1:1 with Joe Jarzombek

Picture of Joe Jarzombek

Reducing costs with software quality and security by gaining compliance

We sat down with Joe Jarzombek to discuss “The Cost of Poor Software Quality in the U.S.: A 2020 Report” and its implications for aerospace and defense organizations. Jarzombek is the director of government and critical infrastructure programs at Synopsys and a certified secure software life cycle professional. He has 30+ years of experience with defense agencies, military services, and the defense industry. A retired U.S. Air Force Lt. Colonel, he served in U.S. space programs, electronic warfare, and aerospace-embedded computer resources. He later served in the U.S. Office of the Secretary of Defense (OSD) and in the U.S. Department of Homeland Security (DHS). He also serves on standards bodies and the Governing Board of the Consortium for Information and Software Quality (CISQ).

Q: How do you see the role of standards, guidelines, and contracts relative to software assurance and cyber security certifications?

Aerospace and defense must address mission-assurance needs, which requires an outcome-based focus on software assurance and cyber security. Standards convey expectations and establish quantifiable metrics. For operational needs, they automate the collection and reporting of standards-based measures, especially in a DevSecOps environment. However, many relevant standards are often underused.

 

For example, standards and guidelines need contractual specification and use, especially for high-assurance applications. To address this, the Department of Defense (DOD) Software Assurance Community of Practice developed key guidance called “Incorporating Software Assurance into DOD Acquisition Contracts.” But it remains underused.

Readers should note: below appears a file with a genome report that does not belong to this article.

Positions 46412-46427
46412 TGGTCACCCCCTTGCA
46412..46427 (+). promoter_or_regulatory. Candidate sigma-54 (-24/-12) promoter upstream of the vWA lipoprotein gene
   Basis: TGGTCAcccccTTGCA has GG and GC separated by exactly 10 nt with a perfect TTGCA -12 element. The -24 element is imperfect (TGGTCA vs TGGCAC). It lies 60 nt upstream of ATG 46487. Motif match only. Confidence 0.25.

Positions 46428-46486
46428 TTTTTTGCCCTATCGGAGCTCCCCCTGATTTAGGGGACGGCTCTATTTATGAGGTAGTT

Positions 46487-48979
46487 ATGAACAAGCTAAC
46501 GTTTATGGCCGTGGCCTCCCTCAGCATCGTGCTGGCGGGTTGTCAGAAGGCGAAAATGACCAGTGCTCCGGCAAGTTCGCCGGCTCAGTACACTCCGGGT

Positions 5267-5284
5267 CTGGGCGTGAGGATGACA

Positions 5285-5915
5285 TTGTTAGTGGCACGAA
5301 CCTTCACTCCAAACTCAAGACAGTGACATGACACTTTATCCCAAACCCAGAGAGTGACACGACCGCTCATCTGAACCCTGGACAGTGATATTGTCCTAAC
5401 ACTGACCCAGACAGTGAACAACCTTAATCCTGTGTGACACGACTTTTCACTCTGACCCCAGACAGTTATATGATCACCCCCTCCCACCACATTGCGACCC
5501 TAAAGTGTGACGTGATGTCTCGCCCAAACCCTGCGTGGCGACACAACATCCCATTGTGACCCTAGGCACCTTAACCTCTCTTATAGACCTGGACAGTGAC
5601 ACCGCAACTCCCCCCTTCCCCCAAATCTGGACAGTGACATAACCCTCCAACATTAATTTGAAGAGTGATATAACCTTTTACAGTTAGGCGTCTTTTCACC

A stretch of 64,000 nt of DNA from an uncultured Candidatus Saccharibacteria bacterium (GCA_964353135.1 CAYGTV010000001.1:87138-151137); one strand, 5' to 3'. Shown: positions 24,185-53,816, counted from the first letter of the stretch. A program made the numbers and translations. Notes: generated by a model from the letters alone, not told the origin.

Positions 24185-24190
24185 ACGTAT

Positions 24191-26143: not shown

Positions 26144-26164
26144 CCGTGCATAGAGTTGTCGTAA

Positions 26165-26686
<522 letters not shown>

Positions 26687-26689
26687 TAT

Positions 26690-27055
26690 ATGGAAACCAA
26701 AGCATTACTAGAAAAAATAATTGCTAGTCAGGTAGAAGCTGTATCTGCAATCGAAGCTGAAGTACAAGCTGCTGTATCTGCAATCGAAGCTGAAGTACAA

To counter the potential effects of cyber attacks and to protect cyber capabilities, DOD missions must focus heavily on prevention by using relevant standards and guidelines to mitigate exploitable weaknesses and vulnerabilities in software before deployment. Cyber assets must be reliable and have near-continuous availability. Defense systems must be hardened against the risk exposures from exploitable flaws in component design

Q: How does a software Bill of Materials contribute to software security?

Given the complexity of aerospace and defense systems, it is extremely important that acquisition programs require a software Bill of Materials (SBOM) in all procured cyber assets. Prevention and protection start with knowing what's in your cyber assets. An SBOM enables faster response to the changing threat environment because it helps to identify where a new threat impacts the enterprise and deployed systems. Without it, you won’t know if or where your mission capabilities might have been compromised.

Q: What is CISQ?

The Consortium for Information and Software Quality (CISQ) is an industry leadership group that develops international standards for automating the measurement of software size and structural quality from the source code, which is needed for software assurance. CISQ standards enable organizations developing or acquiring software-intensive systems to measure the operational risk software poses to the business, as well as estimate the cost of ownership. CISQ was cofounded by the Object Management Group (OMG) and Software Engineering Institute (SEI) at Carnegie Mellon University, and Synopsys is one of the sponsoring companies.

 

Q: How does CISQ contribute to software assurance and cyber security standards, including those that address data protection?